Posted 08/16/2013 by admin in Untethered MMA
 
 

The Quintessential MMA Mixtape for Education & Entertainment

By Mike Fagan, August 16th, 2013 

People used to share music via the mixtape. Before CD burning and peer-to-peer networks and iTunes and Spotify, people – real, red-blooded human beings – would crouch over a boom box for hours creating their own music cassette from the radio and CDs and other cassettes. I mean “for hours” literally. However long your mixtape ended up was the bare minimum of time you needed to work on it.

I had a favorite mixtape that sat in my (mom’s) car all through high school. It had a bunch of pop punk on it. I recorded it through my computer (thanks Napster!), and toward the end of one of the sides you’d hear an AIM instant message notification. Specifically, that door opening thing when people would come online. This doesn’t sound like a big deal, but it is a big deal when you’ve got that tape deck cranked to 11 listening to Five Iron Frenzy’s “Blue Comb ’78” and you hear a creeky fucking door swing open in your car.

Anyway, mixtapes used to be the best way to introduce your friends to new music and ween them off Kid Rock and Powerman 5000. Or ween yourself off that shit, because that’s what I listened to when I was an angsty high school freshman.

But what if you wanted to introduce a friend to MMA in a world without Youtube and torrent trackers and DVD burners and the like? Grab a VHS, hit that SLP record, and let’s fill three hours* of tape with the best of MMA’s past and present. It might look like this:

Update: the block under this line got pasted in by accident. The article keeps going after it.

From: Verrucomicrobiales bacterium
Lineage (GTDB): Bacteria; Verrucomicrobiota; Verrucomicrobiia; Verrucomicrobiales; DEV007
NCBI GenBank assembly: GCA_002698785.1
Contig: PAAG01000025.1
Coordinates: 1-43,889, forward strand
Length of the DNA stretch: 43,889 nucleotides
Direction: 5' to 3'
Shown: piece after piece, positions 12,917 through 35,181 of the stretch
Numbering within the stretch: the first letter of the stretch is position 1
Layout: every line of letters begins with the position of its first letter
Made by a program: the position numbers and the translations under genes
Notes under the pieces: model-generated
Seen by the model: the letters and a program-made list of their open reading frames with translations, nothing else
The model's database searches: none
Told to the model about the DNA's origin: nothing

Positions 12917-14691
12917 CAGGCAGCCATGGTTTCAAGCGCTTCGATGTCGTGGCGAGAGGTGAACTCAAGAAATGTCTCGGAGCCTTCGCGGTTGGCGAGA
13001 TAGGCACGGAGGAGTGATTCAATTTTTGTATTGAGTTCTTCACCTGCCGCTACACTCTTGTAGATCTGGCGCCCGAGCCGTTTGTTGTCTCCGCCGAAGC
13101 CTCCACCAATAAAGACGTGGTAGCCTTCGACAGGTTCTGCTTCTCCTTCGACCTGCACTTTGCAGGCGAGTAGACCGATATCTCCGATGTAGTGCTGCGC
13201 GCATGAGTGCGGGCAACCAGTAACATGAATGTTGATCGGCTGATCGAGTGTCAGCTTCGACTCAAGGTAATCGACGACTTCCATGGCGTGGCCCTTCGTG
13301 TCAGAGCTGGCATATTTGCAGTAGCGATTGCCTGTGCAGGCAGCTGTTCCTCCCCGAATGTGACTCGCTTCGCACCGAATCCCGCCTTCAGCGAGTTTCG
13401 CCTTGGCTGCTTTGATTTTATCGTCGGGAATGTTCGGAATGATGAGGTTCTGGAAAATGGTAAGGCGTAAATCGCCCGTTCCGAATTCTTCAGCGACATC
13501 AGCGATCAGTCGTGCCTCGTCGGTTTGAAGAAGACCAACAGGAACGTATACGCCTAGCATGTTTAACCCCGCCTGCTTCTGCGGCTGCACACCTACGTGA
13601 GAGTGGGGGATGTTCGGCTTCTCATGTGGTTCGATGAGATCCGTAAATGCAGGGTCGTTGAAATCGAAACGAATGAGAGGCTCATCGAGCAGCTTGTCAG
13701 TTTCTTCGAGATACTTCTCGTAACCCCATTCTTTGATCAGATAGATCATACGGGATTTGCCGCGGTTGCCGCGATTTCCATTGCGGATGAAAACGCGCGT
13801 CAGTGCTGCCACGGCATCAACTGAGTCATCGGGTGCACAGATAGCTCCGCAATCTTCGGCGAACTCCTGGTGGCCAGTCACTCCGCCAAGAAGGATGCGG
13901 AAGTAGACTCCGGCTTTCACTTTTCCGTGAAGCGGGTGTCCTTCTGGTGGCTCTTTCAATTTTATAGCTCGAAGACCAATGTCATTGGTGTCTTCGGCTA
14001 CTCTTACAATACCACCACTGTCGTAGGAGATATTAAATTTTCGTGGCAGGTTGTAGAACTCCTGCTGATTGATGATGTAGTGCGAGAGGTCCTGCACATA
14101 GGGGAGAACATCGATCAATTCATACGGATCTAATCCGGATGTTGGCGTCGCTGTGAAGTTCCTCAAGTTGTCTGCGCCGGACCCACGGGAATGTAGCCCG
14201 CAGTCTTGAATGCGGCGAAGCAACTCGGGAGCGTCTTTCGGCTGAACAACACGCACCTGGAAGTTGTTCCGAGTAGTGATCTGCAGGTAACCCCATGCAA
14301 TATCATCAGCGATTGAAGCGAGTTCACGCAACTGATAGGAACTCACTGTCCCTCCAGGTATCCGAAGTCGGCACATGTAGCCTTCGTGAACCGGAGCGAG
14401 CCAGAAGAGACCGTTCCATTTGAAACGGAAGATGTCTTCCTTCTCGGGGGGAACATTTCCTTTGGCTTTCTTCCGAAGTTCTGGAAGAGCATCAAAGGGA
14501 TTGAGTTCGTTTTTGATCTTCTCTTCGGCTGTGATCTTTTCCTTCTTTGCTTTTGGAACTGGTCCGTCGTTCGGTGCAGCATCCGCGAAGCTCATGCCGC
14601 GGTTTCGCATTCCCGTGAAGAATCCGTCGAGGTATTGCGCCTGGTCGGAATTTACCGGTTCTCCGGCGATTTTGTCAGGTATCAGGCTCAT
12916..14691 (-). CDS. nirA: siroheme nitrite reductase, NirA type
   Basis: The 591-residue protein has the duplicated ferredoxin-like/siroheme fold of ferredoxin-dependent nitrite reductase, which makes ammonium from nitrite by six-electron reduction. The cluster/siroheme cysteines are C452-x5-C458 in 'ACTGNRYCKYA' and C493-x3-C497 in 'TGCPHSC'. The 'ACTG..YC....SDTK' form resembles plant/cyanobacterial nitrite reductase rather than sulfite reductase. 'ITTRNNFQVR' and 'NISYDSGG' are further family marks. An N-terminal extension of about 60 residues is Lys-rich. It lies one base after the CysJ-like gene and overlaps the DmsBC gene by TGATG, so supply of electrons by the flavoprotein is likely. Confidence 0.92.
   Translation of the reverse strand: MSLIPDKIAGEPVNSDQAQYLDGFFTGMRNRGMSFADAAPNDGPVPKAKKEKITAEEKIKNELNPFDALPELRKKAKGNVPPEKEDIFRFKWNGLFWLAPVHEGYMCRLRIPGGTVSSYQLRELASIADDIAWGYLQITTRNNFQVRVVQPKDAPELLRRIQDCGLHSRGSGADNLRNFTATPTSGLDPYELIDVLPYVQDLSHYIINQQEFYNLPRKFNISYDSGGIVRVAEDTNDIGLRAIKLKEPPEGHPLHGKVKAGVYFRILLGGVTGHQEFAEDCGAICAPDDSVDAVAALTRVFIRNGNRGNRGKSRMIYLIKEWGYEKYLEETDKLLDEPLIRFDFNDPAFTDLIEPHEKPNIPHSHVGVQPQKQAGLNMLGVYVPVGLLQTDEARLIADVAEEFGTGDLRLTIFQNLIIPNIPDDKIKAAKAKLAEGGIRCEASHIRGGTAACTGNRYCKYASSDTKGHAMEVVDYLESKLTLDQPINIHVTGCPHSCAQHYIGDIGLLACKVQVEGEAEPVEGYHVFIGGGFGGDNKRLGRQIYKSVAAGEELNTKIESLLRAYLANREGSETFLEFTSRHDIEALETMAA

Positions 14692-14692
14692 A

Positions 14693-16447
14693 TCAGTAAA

* – Three hours of listed fight times. Yeah, there’s the in-round stuff and the walk-ins and blah blah blah. This is my list. Shut your mouth.

 

Royce Gracie vs. Art Jimmerson, UFC 1, 2:18

Royce Gracie vs. Ken Shamrock, UFC 1, 0:57

Royce Gracie vs. Gerard Gordeau, UFC 1, 1:44

The Gracies, for better or worse, kickstarted this MMA thing, and you might as well pay homage to that upfront. This includes the first of two Ken Shamrock beatdowns on this tape. Any time you can include two beatdowns of Ken Shamrock, you’re in good shape.

 

Jon Hess vs. Andy Anderson, UFC 5, 1:23

I originally left this out, but I picked the wrong Liddell-Ortiz fight, and needed to make some late changes. So this is in. Why? Because it’s the fight that kickstarted my love affair with MMA. It’s goofy. It’s silly. It’s what the early UFC looked like when Gracie and Shamrock and Severn weren’t in the cage. It’s the best.

 

Mark Coleman vs. Dan Severn, UFC 12, 2:57

A comprehensive look at the history of MMA is not complete without these two. Severn won the UFC 5 and Ultimate Ultimate ’95 tournaments, and split two fights with Ken Shamrock over the UFC Superfight Title (the latter fight more deserving of an “MMA misses” mixtape). Coleman won UFC 11, became UFC heavyweight champion in this fight, and would later win the Pride Grand Prix 2000. The fight itself isn’t that great, but it’s short, and Coleman wins with a neck crank you’ll never see in the modern age.

 

Kazushi Sakuraba vs. Carlos Newton, Pride 3, 15:19

From Gracie to Gracie Killer. Ideally, you’d use Sakuraba’s 90-minute Iron Man match with Royce from the Pride Grand Prix 2000, but it’s not worth half your tape length. Sakuraba-Newton is one of the earliest (and still one of the best) examples of fun, high-level grappling in MMA, though, and deserves its spot here.